Monday, 12 April 2010

England Expects…Better (or at least it should do.)

There is a saying in politics that “you get what you vote for”. But is this really the case when it comes to voters in England?

In the run up to the forthcoming general election we are to be treated to a series of TV debates involving Brown, Cameron and Clegg. The SNP, as a separatist party, will not be invited to take part. As the junior partner in the Union, Scotland will get a series of extra debates featuring Scottish party leaders as a concession. As some sort of cruel and unusual punishment I say. The main unionist parties have argued that as this is a UK election, the SNP should not take part as they have no chance of winning it.
Seemingly the Liberals do.

So what will be the big issues that Moe, Larry, and Curly will be debating?
Education? No doubt. 
Health? Definitely. 
Policing? You can bet on it.

But, as far as voters in Scotland are concerned it doesn’t matter what any of them say about these issues, none of them are within the remit of the Westminster Parliament. In Scotland if we disagree with Education, Health and Policing policies a UK election will not change a thing.
This is not, as some might suspect, a result of devolution. These areas have always been distinctly Scottish. However, the difference now is that policy does not come from London in the form of the Secretary of State for Scotland. A separate Government is elected to deal with these issues.

So what’s in a UK election for voters in Scotland?

Well, they can register a vote that in some way reflects how they feel about the Scottish Government. A protest vote if you wish.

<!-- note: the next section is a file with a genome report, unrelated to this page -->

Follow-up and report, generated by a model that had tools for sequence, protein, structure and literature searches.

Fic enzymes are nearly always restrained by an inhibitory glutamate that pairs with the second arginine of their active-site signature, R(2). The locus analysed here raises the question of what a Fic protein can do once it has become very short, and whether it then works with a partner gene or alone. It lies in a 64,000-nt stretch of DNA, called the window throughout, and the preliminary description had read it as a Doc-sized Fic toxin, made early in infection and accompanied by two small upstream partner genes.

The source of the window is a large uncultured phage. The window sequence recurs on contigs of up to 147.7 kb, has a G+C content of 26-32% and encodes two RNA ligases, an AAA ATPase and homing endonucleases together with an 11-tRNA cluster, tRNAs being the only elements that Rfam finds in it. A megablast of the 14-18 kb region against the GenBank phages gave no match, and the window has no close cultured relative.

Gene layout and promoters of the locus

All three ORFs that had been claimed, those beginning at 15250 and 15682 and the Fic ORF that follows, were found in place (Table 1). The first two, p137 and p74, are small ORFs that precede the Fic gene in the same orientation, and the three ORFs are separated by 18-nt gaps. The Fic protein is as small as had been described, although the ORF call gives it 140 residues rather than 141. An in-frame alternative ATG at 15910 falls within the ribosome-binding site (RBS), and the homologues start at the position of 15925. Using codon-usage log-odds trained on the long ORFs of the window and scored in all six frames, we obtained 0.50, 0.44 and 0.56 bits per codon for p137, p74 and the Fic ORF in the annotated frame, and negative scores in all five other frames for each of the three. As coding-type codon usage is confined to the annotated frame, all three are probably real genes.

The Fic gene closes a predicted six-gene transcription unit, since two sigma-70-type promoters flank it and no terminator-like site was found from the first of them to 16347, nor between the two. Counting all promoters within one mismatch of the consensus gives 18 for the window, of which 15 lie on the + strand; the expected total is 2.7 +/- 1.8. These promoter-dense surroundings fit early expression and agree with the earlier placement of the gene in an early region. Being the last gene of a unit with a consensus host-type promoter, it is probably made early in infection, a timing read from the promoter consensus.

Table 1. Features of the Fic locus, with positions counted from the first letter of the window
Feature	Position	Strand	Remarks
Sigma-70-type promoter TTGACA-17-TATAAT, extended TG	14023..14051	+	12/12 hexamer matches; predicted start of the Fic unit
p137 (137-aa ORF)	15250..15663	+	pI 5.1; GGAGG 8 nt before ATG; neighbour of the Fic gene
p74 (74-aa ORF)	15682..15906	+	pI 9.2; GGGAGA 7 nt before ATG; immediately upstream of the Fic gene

They can elect an MP that they can complain to but, more than likely, end up complaining about.
But, curiously for a democracy, they will be electing an MP who will vote on, and perhaps help pass, legislation that will affect others but not them.

What’s in it for voters in England?

Well, they could end up with a Government that owes it’s majority to it’s Scottish MPs and will be passing English legislation against the express democratic wishes of the English electorate.
So why can’t there be a system where only English MPs vote on English legislation?

Labour don’t fancy it because, it could (and probably would) mean, that at some time in the future a UK Labour Government, elected by dint of it’s Scottish MPs, would be in the minority when it came to legislating for England.

The Tories don’t fancy it because; Westminster would become, for the most part, an English Parliament. Nothing wrong with that!

The Lib Dems? Maybe a fence between the two countries. It would give them something to sit on.

They all fear though, that such a system would diminish, threaten and eventually result in the break up of the ‘Union’. And that’s without factoring in an SNP Government in Edinburgh.

On the other hand it might just lead to a fair and equitable system.
If, in the next Parliament, it is Scottish MPs that give Labour a majority, then they will continue to vote through legislation that will not apply to Scotland. So, no matter how unpopular or disastrous it might be, it won’t lose them any votes.
Devolution hasn’t, as Labour believed it would, made the SNP irrelevant. And while it has given the Scottish people more power to decide how they live, it has, at the same time taken that power away from the English.

The bottom line?
The Mid-Lothian Question is not one for the people of Scotland to answer. It is one voters in England need to address.

If this was happening the other way round, let me assure everyone, I and a hell of a lot of other people in Scotland, would be kicking up fuck!